There are provisions in the Patents Act 1990 (Cth) which may be invoked in cases of inadvertent or unintentional mistakes in the naming of inventors or in the establishment of entitlement to the grant of a patent, but reliance on these provisions to rectify mistakes can be risky and costly. Where error arises out of a clerical error or obvious mistake it is possible to apply to the Commissioner of Patents to amend the notice of entitlement filed on the application leading to the grant. The scope of this remedy is, however, very limited. First of all it is only applicable where the error arises out of a purely clerical act, such as a mis-transcription or mis-spelling or where it is clear on the face of the documents filed that there has been an error. Mere failure to properly identify the correct inventor or person entitled will not be enough. Secondly, even if it is possible to amend, post grant, the notice of entitlement, it is doubtful that the invalidity of the grant will be cured. Amendment of the document will not alter the fact that the patent was wrongly granted.

A more appropriate avenue would be to apply under section 192 of the Act to rectify the Register to correct an omission, error or defect or an entry wrongly made in the Register. The application must be made to the Court (usually the Federal Court) and it must be clearly demonstrated to the Court that the mistake was made unintentionally or inadvertently. A further avenue for correction may be open under section 34 of the Act which provides that in any proceedings in a Court relating to a patent, the Court may declare who is an eligible person under section 15(1). That person can then apply to the Commissioner for the grant of a patent which will have the same priority date as the original patent. Both of these possibilities were adverted to by Finkelstein J in the Conor Medsystems Case referred to above. Both, however, require proceedings in the Court which can be lengthy and costly.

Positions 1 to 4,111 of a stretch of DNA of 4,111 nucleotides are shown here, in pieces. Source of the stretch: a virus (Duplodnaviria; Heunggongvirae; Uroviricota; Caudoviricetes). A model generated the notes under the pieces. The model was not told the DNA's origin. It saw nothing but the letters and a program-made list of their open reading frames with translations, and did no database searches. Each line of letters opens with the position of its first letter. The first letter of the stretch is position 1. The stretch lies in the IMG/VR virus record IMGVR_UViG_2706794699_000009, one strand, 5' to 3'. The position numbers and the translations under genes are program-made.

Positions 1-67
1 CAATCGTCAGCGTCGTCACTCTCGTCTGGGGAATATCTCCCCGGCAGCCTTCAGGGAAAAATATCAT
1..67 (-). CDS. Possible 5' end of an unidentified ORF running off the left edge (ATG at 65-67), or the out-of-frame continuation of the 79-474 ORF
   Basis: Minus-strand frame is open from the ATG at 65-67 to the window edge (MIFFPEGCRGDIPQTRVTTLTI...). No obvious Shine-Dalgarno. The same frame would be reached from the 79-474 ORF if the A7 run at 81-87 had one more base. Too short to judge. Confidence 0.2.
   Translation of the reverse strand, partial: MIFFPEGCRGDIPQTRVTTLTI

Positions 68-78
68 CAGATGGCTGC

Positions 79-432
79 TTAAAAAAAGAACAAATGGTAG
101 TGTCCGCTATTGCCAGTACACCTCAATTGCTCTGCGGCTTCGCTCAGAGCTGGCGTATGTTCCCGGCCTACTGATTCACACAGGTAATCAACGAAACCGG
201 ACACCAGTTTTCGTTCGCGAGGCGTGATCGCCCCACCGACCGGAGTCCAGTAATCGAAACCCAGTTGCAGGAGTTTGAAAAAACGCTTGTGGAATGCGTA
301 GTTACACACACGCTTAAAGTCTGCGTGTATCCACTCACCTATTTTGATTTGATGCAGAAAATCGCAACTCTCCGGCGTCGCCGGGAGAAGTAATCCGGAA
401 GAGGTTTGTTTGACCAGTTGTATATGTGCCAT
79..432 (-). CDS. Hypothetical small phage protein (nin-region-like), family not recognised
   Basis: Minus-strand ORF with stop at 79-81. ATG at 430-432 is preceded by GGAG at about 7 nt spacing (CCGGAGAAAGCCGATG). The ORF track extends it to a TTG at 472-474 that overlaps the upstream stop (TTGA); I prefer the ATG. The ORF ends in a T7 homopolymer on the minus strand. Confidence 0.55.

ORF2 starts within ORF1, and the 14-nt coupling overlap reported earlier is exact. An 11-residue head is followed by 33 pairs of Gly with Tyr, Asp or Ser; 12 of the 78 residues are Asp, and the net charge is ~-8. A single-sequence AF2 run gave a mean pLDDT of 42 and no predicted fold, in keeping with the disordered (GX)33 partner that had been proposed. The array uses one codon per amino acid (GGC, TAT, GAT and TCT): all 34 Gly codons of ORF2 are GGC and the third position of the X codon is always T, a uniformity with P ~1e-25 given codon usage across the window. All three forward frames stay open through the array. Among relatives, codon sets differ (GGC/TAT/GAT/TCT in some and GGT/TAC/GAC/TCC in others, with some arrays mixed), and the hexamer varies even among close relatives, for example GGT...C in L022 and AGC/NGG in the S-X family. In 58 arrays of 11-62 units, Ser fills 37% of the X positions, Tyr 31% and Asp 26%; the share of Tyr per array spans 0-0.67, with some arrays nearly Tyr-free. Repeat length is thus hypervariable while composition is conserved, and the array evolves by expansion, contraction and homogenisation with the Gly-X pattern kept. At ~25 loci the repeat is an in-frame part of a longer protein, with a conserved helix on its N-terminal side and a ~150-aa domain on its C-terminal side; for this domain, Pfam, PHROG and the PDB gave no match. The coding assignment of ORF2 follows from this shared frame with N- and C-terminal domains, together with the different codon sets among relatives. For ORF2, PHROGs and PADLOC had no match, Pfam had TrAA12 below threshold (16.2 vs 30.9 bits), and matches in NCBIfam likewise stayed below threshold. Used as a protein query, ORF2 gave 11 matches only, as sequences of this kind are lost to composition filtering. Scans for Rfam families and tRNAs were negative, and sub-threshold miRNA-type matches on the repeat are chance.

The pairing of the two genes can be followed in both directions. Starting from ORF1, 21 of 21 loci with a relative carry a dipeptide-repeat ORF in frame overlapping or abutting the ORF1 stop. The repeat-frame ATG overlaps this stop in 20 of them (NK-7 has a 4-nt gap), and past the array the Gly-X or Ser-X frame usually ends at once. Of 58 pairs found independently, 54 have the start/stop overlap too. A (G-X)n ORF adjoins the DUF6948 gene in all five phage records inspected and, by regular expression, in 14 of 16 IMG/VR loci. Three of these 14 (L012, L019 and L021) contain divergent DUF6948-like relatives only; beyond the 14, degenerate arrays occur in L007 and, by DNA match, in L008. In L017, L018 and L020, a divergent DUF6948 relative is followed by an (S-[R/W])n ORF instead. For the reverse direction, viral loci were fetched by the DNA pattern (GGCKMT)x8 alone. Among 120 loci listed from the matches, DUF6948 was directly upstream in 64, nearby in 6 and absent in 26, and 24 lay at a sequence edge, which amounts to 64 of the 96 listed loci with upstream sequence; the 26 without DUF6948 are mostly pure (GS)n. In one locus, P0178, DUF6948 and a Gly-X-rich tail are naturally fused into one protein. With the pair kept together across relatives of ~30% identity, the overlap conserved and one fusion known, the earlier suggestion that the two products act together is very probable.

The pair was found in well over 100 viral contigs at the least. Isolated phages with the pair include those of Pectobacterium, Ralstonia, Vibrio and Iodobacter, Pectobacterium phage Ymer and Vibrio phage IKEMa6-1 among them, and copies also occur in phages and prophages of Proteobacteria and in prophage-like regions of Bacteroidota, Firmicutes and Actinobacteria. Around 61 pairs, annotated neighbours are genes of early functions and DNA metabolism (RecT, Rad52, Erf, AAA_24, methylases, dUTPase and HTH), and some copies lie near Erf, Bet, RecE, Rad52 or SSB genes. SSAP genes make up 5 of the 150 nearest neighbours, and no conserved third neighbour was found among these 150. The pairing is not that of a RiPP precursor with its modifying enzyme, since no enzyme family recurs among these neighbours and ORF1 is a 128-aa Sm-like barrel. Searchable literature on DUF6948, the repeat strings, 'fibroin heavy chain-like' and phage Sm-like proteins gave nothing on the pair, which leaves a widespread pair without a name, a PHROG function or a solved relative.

Two recent cases concerning the rights to an invention as between an employer and an employee have gone in favour of the employee. In each case, Spencer Industries Pty Ltd v Collins [2003] FCA 542 and In the Matter of Application No. 71586/00 of Dale Victor McKay and Paul Taylor McKay (Australian Patent Office) the employee was a senior technical sales person who had made an invention relating to the product which he was employed to sell. The Court and the Commissioner's Delegate respectively decided in each case that it was not part of the normal duty of the employee to make inventive improvements to the product concerned and the invention was held to be the property of the employee.

The important messages are therefore:

  • to ensure that questions of inventorship are correctly determined and the person claiming entitlement to the patent can establish title from all of the inventors; and
  • for employers to ensure that their contracts with senior employees and outside contractors contain appropriate provisions relating to ownership of inventions made in the course of the contract.